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SSRI Antidepressants Linked to Brain Bleeding, Strokes


October 19, 2012 — The journal Neurology has published a study associating the use of SSRI antidepressants with bleeding in the brain and stroke. Although the risk is relatively small, it raises concerns about prescribing SSRIs to people with other risk factors for bleeding and stroke — for example, people taking blood-thinning medications such as Pradaxa or warfarin.

Selective serotonin reuptake inhibitors, or SSRI antidepressants, and have been used by millions of people in the U.S. over the last few decades. The most popular SSRIs include Prozac (fluoxetine), Celexa (citalopram), Lexapro (escitalopram), and Zoloft (sertraline). Other research has linked these medications to an increased risk of gastrointestinal bleeding, especially in the first few months, due to a blood-thinning effect. However, until now, experts did not know whether this risk extended to cerebral hemorrhage.

The Canadian researchers conducted a meta-analysis of 16 studies published in medical literature. The studies involved more than 500,000 people. They found a 51% increased risk of intra-cranial bleeding and a 42% increased risk of intra-cerebral bleeding (bleeding inside the brain) associated with people who used SSRIs, compared to people who did not.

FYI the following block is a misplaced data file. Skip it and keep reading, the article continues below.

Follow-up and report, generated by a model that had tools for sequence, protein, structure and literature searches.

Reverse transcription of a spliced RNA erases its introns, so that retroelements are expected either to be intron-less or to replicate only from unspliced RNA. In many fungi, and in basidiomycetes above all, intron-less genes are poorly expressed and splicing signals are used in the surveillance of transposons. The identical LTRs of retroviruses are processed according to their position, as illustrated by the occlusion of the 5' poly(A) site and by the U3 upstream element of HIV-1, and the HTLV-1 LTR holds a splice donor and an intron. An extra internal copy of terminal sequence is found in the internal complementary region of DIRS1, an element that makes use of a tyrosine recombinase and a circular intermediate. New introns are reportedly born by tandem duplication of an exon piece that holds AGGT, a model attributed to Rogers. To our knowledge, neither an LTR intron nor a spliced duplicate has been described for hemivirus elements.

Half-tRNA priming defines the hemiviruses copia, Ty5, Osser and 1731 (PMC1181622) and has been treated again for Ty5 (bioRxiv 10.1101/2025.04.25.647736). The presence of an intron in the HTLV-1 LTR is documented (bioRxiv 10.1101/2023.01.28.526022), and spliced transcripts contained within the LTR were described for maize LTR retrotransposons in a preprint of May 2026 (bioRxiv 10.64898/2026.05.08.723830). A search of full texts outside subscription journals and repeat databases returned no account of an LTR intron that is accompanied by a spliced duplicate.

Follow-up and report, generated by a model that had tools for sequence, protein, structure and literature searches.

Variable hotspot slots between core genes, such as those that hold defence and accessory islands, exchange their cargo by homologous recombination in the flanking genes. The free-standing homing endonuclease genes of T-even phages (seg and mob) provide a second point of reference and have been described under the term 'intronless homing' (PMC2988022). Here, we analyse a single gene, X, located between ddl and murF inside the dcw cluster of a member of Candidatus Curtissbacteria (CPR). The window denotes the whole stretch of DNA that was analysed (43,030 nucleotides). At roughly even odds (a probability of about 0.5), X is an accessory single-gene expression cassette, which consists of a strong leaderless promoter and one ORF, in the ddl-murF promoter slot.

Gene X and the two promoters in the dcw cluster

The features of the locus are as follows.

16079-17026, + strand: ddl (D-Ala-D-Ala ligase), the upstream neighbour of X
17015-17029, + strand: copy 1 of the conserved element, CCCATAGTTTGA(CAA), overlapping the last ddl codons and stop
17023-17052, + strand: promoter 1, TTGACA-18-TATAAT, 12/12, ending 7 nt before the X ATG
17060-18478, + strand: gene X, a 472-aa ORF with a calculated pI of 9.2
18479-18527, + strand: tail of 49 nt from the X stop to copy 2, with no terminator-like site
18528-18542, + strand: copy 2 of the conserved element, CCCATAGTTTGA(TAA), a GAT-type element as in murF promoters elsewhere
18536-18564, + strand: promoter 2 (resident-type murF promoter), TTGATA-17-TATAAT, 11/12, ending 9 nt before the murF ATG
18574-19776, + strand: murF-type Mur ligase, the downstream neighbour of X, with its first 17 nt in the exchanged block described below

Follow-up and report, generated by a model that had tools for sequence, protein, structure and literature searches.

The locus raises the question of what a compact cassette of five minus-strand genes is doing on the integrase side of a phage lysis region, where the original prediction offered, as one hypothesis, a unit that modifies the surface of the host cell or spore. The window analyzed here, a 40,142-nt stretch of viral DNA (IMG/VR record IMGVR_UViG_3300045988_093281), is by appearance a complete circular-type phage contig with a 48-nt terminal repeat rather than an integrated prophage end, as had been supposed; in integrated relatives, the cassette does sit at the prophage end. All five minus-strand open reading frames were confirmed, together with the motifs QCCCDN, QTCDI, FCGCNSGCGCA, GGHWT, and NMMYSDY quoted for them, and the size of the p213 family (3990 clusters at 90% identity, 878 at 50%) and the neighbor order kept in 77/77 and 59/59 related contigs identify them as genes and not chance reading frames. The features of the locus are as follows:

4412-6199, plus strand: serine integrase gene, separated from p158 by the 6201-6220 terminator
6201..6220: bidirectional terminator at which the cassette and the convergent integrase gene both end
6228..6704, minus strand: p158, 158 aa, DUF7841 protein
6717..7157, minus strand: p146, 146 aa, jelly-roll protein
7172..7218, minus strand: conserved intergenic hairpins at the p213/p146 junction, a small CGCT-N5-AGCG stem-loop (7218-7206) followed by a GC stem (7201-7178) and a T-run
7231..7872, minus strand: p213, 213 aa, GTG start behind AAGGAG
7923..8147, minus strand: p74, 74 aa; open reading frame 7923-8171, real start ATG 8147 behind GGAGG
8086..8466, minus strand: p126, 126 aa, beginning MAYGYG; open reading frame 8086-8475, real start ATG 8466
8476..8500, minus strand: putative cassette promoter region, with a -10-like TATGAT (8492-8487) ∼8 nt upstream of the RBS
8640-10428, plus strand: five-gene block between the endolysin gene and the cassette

Bleeding in the brain is a relatively rare condition, and even a 40-50% increased risk translates to relatively few extra cases numerically. However, the increased risk may be significant for people who have had a hemorrhagic stroke in the past, or are taking a blood-thinner, or have another risk factor. Patients who took an SSRI plus a blood-thinning medication were 56% more likely to have a stroke compared to people who only used blood-thinning medications.

The researchers wrote:

“We believe clinicians might consider alternate classes of antidepressants in patients with intrinsic risk factors for intracerebral hemorrhage, such as those receiving long-term oral anticoagulation, individuals with previous intracranial bleeding, and patients with cerebral amyloid angiopathy or severe alcohol abuse.”

The researchers also cautioned that people should not be deterred from using an SSRI if they have a clinical reason to use the medication. The increased risk of stroke is small for most people. However, the study does shed more light on the bleeding risks associated with SSRIs. It also highlights the importance of prescribing antidepressants selectively depending on a patient’s unique risk factors for stroke and bleeding.

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